Nothing Lasts Forever

I spent most of the day driving around Ohio in gorgeous, breezy late-summer sunshine. The air was humid and soft from last night’s thunderstorms, but the angle of the shadows and the underlying coolness in the wind hinted that the season’s arc has begun to bend towards autumn.  There is a bronzed glow to the green hillsides now, and yellowing leaves fluttering and twisting as they fall.  The highways are still edged with cornflowers and Queen Anne’s lace, but they are gradually being joined by the golden faces of sunflowers.  The lengthening nights are signaling the earth to hasten its harvest before the snow flies, and all of nature is responding.  The nights are thrumming with the calls of cicadas and frogs, and the mornings are heavy with dew.  Change is in the air, it seeps into my pores and nostrils, and my mind turns to thoughts of what is passing, and what may come.

Autumn is my favorite time of year.  I love the way its promise hovers over the dog days of August, and how its colors—gold, scarlet, ruby, purple—gradually emerge from the canopy of summer’s green and gently fade into winter’s neutrals.  I love the warm days and chilly nights, the crispness in the air and the vistas of impossibly blue sky.  Autumn speaks to my inner child that loves stories with sad endings, and my outer adult who finds awe and comfort in the huge rhythms of orbits and seasons.  Autumn is the downward slope after another birthday, the acclimation to being a little older, a farewell wrapped in the gleaming sheen of a culminating year.

As another autumn approaches, the world seems almost painfully beautiful in its ephemerality.  Not just the colors of the forest and the warmth in the air, but the larger dance of life itself.  Birth and death, weakness and strength, youth and age, how inevitable their blossoming and their fading. How we lose ourselves in the present, in the seductive and necessary delusion that we will always be exactly as we are today.  And yet, on days when light and shadow hang in perfect balance, we are snapped into sudden awareness that today will not last, that we are travelers on a road with no stopping.  At the same time that our hearts fill to bursting at the joy or sorrow or injustice or beauty in the world, we know that they—and we—are only shadows, and that our excitement and our heartbreak are only shadows of shadows.  Does that make our experience more beautiful or more empty? Does the knowledge that we are only brief visitors here in our bodies make their journey more or less meaningful?

As I slide down the increasing slope of middle-age, the poignancy of autumn is increasingly rich at the same time as it stings with deeper sorrow.  This is the late summer of more than just this year, and this path of the planet round the sun.  This is my own August, my own season of delicious harvests and long, soft nights.  I have grown tall and strong enough to weather a howling storm or two; it will still be a while before I am broken down enough to fall.  In these days of freedom and courage and strength, however, the chill of that future is present, coiled and waiting.  Its promise is inarguable, inevitable.  There is no point in fearing it, for it is as much a part of life as squalling infancy or nubile girlhood.  The whisper of mortality contained in a living moment is the reminder that we are only passengers in these meaty packages.  Their hungers and hopes and desires are our songs to the world we live in, and our pleasures and pains are the world’s songs back to us.  Our bodies are the instruments we play in this grand symphony that spans from birth to death.  They bow to the same forces as every other living thing; they partake not only in the cycles of growth and decay but in the deeper cycles that turn random bits of matter into creatures and back again.  We inhabit them only long enough to become aware of our place in the world before the world dissolves us back into itself again.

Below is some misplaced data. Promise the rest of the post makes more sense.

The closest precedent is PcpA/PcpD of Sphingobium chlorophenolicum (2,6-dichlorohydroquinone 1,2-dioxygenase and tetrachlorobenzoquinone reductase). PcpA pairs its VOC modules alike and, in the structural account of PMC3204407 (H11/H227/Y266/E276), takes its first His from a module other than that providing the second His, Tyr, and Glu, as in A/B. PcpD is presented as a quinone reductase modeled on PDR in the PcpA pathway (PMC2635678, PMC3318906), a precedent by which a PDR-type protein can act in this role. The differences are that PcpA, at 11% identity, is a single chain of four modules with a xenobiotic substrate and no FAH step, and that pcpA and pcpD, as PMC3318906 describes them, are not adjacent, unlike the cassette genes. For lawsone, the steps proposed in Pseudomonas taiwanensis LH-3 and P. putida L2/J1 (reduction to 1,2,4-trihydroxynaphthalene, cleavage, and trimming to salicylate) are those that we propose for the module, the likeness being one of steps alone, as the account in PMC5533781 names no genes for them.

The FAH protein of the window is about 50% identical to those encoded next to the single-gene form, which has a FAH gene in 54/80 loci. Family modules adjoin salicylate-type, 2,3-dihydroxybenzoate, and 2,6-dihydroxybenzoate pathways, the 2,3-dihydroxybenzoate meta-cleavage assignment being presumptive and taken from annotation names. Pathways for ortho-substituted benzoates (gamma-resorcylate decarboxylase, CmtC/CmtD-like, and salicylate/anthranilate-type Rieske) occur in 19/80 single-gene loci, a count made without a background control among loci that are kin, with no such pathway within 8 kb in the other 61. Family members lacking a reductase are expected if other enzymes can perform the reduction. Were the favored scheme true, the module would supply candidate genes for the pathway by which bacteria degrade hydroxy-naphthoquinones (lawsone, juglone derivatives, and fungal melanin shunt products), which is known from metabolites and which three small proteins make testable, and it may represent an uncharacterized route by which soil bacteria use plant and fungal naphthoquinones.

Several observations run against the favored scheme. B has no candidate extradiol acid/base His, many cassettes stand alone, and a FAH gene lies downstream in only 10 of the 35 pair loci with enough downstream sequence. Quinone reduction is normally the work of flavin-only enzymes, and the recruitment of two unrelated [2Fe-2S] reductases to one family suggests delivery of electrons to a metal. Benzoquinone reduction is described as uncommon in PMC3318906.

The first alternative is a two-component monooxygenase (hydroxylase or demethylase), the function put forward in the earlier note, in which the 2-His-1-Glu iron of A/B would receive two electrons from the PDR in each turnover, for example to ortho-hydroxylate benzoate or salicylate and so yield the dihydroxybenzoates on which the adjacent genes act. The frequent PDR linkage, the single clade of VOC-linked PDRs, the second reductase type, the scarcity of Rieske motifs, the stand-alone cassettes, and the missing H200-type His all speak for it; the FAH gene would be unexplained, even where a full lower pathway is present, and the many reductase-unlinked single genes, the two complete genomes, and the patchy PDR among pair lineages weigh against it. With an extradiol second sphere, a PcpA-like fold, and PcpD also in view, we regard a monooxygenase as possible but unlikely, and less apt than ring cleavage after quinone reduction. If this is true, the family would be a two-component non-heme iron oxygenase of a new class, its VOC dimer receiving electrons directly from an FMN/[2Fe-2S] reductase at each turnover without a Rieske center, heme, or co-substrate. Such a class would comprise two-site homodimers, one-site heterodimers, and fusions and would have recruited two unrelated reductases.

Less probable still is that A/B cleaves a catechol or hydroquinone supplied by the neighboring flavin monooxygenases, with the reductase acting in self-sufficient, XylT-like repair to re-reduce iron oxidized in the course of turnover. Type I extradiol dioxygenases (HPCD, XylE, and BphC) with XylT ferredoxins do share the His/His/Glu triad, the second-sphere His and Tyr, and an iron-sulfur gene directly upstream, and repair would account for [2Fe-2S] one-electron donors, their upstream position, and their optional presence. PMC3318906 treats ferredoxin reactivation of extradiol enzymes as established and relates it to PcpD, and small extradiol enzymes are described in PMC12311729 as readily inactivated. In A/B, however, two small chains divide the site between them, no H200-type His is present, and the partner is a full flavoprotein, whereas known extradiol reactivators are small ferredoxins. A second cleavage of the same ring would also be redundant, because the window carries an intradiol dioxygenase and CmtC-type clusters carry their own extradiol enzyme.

Feeling the weightiness, the thingliness of my body as it tiptoes along the crest of these harvest years is odd for my self, the spirit that inhabits it.  I don’t feel old.  I don’t feel like a different person than when I was a little child making doll clothes out of petunias or when I was coming of age in college or brooding over my own children as they slept.  It was all me, is still me.  It will keep right on being me until there is no electricity left in my brain to fire the thought.  It’s an incongruous notion, existing as a timeless soul encapsulated in an envelope enslaved to time.  But it feels natural, too.  The world as we know it is subject to time, while our ideas often tend towards the eternal.  Surely there is something vital in this tension, which simultaneously defies and defines our experience.  Everything around us speaks to a natural cycle that dictates our death at the moment of our conception, yet we experience ourselves as eternal.  How much of our living in our minds, in our ideas, is because we are unwilling to face that final moment when the last neuron fires? 

For my part, I am not keen on losing my place in the world any time soon.  I’m not eager to weaken, to slow down, to realize that the last day of summer was, indeed, the last.  But I like to peep at it occasionally, to become familiar with it, to acknowledge it as part of who I am and will become.  The best time to do that is on days like this, when it’s easy to see that the shadows are what brings beauty to the light.  Being wide awake to the shape of the journey makes it possible to walk it without fear.  There will be more summers, and more impossibly bright days and one of them will be my last.  Until then I’m grateful for every bit of every one.

©Mary Braden 2015

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